The Intimacy Of
7 Tips For Founders and Funders
The number of startup pitching competitions around the world is out of control. Sadly I believe funders’ interest in these competitions has an inverse correlation: more events competitions = less funder interest.
My personal lack of enthusiasm for pitching competitions is the result of both the abundance factor, and my own philosophical view about what it “means” to pitch a funder and the entire experience surrounding the pitch.
In my opinion, pitching is a symmetrical discovery activity and must be approached as such. There are certain things that both Founders & Funders need to keep in mind when they pitch each other.
Pitching is about stimulating engagement
Founders need to think long and hard about how to stimulate engagement with funders. Engaging in a two-way conversation is the best way to ensure that funders are listening and really digesting the critical dimensions of the business. I consider totally useless long pretty presentations that are structured as one way communication flow. Founders should consider presentations as a tool to stimulate engagement instead of as a goal per se. The best presentation I have ever seen in my life was by Daniel Ek, CEO and Founder of Spotify: he never opened his laptop and used a whiteboard to drive my engagement.
However, as we say, it takes two to tango: funders should also make pro-active efforts to engage and ask smart questions. Note, however, that those questions should be focused at learning more about the founder and his/her business and should never be seen as tool to show off knowledge. Intellectual arrogance is one of the worst behaviours that I have seen by funders during a pitching session.
I believe pitching sessions should be called mutual-engagement sessions and should be aimed at cross-learning. I detest all the instances in which both funders and founders interact with empty cross-selling statements without engaging in a real conversation.
Pitching is about getting to know the person
Both funders and founders should use the pitching session as first and foremost a “get to know you” effort. Specifically, they should both explore whether their personalities actually click. Both parties should make an effort to understand who the other person is, his/her background, what are his/her motivations. Both founders and funders should keep in mind that to observe their reciprocal behaviour during the pitching session can be a great way to estimate the quality of their future interactions: existing behaviour can be a great a proxy for future behaviour.
In order to get to know the entrepreneur, funders should ask left field questions and observe the founders behaviour in front of the unexpected. This is often the best way to take the discussion to a different level, to move out of an artificial script and to observe the founder’s real personality.
Founders should disagree during the meeting without hesitations. Pitching is not about playing lip service to the person in front of you. It’s about exchanging views and learning during the process. Observe your future funder when there is a disagreement and see how he/she reacts.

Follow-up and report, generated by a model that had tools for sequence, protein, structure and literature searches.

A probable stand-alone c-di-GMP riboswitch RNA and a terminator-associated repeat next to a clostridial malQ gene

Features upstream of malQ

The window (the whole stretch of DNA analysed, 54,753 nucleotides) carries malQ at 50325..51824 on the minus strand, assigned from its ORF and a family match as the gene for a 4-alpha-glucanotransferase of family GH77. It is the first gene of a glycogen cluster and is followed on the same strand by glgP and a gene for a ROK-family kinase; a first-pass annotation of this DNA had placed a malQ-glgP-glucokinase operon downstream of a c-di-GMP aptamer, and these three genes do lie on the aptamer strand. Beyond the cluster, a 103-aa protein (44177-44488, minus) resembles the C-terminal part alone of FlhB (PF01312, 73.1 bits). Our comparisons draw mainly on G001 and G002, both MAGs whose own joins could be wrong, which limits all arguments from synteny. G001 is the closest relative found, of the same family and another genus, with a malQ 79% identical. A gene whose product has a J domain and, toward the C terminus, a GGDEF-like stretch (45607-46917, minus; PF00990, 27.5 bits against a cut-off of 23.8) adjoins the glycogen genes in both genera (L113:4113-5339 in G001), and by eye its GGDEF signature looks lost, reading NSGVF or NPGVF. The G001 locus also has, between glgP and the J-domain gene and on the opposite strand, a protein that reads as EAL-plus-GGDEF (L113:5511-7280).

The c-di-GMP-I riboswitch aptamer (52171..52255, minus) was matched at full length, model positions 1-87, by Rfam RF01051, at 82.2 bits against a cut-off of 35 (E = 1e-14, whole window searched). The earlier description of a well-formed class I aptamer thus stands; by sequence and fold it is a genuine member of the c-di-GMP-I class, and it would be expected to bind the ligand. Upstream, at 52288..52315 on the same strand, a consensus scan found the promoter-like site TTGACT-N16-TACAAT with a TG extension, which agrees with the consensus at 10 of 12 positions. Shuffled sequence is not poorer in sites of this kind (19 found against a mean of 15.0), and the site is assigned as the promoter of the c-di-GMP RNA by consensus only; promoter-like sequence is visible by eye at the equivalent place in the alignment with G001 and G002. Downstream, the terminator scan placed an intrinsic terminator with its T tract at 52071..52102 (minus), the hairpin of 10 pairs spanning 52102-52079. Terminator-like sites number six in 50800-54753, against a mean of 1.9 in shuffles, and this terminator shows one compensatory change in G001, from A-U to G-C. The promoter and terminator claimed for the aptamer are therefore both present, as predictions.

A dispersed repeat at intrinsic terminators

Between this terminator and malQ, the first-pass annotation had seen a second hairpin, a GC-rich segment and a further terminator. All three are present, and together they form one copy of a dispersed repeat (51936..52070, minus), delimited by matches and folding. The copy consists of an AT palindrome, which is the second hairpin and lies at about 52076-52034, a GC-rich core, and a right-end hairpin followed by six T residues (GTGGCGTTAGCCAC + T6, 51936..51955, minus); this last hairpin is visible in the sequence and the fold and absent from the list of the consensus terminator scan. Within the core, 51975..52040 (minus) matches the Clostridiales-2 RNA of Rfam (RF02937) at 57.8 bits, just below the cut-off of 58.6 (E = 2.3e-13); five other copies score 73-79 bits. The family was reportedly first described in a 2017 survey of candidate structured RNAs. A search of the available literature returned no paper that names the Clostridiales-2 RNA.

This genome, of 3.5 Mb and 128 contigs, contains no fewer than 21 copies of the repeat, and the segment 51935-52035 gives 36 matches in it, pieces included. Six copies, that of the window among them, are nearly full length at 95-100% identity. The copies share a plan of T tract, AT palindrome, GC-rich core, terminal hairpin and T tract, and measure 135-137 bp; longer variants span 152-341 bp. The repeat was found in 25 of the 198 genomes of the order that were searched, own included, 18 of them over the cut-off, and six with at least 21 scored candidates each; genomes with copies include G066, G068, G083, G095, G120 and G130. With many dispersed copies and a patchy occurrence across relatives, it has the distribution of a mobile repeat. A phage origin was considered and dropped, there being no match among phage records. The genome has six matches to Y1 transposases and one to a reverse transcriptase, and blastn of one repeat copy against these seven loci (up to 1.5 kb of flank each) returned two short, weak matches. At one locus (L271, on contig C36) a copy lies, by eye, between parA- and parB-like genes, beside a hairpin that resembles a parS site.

Pitching is about understanding the motivations
Both founders and funders should always ask each other the most basic of all the questions: why do you do what you do? What’s your motivation?
A clear insight into each others motivations will provide a totally different depth in the founder/funder relationship. Deep motivations are also the secret source of energy when things do not work out as planned and its time of crunching.
All the cases in which funders are investing because is a good deal, or founders are starting a company because is an interesting space, are always very concerning. Watch out!
Pitching is about being selective
Neither funders nor founders should consider pitching a statistical exercise based on the concept of: more pitches = higher statistical probability of finding the right funder.
Founders and funders should do significant more upfront work before committing time to each other: is it worth it to invest time in a mutual-engagement session?
Spending time in getting to know a person or a team when it is clear that there is no fit, it is something that should be avoided by all parties. Let’s engage in a process of deep reciprocal learning of each other only when it’s understood that is worth to do so. Today there are tons of public data available for both founder and funders that should be reviewed and analysed in advance of deciding on any meeting (e.g. LinkedIn references, Twitter profiles, App store rankings, etc).
The deep mutual engagement that comes with pitching is first and foremost the beginning of a discovery process. If neither the founder nor the funder want to invest the emotional energy that this implies, please change careers or don’t start a company. There are plenty of jobs in banking ☺ and elsewhere.
In conclusions, 7 tips to consider that both founders and funders should keep in mind during pitching time:
1 — A Selling based pitch sucks: engagement is the way to go.
2 — Pitching is not a statistical game aimed at increasing odds to be funded but a discovery process to learn. Less noise more substance is what we all want. Aka avoid useless pitching every time you can.
3 — Pretty slides are useless. Create tools to stimulate engagement: simple slide, whiteboard session, demo, etc.
4 — If the founder/funder chemistry during the first pitching session is not right run away, follow your gut.
5 — Pitching is not about following the script. Go off script when you can and push the other person to do so too. Ask unexpected questions and watch the reaction: best way to get under the skin of the person in front of you.
6 — Ask direct questions to deeply understand the why founders and funders are involved/want to be involved with the business. Be skeptical if there is not why.
7 — Do your homework in advance of a pitching meeting.